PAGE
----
- any viviparous, nonplacental mammal of the order Marsupialia, comprising the opossums, kangaroos, wombats, and bandicoots, the females of most species having a marsupium containing the mammary glands and serving as a receptacle for the young.
- pertaining to, resembling, or having a marsupium.
- of or relating to the marsupials.
Origin of marsupial
Examples from the Web for marsupial
These countries are, in fact, the head-quarters of the marsupial animals.
"Not even the marsupial lion, Bram," grinned Dodd, undismayed.
Mr. Newman suggests that they were "marsupial bats" (Zoologist, p. 129).Omphalos
Philip Henry Gosse
There are "marsupial" or epipubic bones attached to the pelvis.The Cambridge Natural History, Vol X., Mammalia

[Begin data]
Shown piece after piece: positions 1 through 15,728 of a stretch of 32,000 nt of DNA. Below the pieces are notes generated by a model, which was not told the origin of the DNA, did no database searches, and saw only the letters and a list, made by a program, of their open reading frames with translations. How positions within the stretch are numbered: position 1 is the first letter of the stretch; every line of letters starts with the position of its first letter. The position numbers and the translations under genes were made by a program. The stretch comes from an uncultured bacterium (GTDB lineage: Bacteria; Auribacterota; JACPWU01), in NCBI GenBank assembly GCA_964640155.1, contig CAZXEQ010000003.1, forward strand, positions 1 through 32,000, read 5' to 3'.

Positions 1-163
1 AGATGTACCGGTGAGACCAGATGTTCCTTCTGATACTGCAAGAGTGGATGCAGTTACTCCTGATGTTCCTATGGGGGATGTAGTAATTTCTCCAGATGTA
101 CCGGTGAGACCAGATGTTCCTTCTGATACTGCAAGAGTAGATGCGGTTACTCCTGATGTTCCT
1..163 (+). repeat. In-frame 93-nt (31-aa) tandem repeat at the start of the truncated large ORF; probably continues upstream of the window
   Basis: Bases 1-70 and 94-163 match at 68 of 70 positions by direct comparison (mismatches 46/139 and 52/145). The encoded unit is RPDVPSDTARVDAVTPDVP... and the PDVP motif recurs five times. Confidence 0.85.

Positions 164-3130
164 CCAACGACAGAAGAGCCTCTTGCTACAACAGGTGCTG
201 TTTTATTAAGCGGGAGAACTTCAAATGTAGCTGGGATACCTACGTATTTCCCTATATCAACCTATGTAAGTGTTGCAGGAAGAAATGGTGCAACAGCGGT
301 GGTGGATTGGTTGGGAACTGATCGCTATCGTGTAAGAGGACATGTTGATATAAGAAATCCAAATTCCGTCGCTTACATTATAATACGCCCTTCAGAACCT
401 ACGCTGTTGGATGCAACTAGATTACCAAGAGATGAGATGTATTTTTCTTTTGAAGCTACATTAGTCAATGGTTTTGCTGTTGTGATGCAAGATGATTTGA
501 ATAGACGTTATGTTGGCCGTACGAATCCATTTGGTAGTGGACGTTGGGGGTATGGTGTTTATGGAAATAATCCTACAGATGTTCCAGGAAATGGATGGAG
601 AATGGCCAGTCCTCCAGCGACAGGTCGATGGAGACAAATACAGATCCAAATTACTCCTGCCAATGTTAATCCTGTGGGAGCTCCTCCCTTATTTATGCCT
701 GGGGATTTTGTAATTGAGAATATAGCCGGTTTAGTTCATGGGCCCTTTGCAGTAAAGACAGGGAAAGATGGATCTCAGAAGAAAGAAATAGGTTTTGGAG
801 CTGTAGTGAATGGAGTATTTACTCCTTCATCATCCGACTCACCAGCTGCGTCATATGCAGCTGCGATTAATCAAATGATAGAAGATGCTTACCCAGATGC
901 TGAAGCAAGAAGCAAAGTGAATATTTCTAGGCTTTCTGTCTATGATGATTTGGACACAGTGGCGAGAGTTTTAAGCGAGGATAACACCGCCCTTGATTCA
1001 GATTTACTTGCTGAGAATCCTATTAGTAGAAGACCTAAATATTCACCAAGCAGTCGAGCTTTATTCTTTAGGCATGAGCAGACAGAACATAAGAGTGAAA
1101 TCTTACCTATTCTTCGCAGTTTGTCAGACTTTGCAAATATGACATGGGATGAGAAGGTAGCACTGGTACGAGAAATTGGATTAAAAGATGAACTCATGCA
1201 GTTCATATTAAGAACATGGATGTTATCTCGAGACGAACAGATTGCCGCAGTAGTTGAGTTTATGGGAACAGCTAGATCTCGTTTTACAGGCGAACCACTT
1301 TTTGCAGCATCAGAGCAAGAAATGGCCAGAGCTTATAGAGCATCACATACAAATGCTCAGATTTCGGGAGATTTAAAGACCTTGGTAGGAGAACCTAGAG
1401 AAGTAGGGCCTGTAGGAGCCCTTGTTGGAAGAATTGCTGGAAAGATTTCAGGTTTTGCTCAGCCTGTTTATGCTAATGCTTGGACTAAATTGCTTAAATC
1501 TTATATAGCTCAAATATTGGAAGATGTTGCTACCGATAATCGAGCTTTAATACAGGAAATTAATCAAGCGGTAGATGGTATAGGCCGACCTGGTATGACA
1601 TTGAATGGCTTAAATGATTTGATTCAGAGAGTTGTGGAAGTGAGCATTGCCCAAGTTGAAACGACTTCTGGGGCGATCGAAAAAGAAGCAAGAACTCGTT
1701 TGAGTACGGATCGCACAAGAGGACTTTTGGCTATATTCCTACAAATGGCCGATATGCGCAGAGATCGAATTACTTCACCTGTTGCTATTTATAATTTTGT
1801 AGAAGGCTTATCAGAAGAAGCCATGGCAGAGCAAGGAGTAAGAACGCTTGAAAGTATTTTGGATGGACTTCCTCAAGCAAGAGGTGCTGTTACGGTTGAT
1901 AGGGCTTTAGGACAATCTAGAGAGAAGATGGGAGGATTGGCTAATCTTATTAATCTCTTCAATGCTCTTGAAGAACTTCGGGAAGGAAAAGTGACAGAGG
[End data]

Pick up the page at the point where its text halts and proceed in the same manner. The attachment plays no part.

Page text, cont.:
Frank Evers Beddard
This was the region of gigantic fowls, and of marsupial quadrupeds.The Romance of Natural History, Second Series
Philip Henry Gosse
- any mammal of the order Marsupialia, in which the young are born in an immature state and continue development in the marsupium. The order occurs mainly in Australia and South and Central America and includes the opossums, bandicoots, koala, wombats, and kangaroos
- of, relating to, or belonging to the Marsupialia
- of or relating to a marsupium
Word Origin and History for marsupial
1690s, with -al (1) + Modern Latin marsupialis "having a pouch," coined from Late Latin marsupium "pouch, purse" (Classical Latin marsuppium), from Greek marsipion, diminutive of marsipos "bag, pouch," of foreign, possibly oriental, origin. As a noun from 1805.
- Any of various mammals of the order Marsupialia, whose young are very undeveloped when born and continue developing outside their mother's body attached to one of her nipples. Most marsupials have longer hindlegs than forelimbs, and the females usually have pouches in which they carry their young. Kangaroos, opossums, and koalas are marsupials.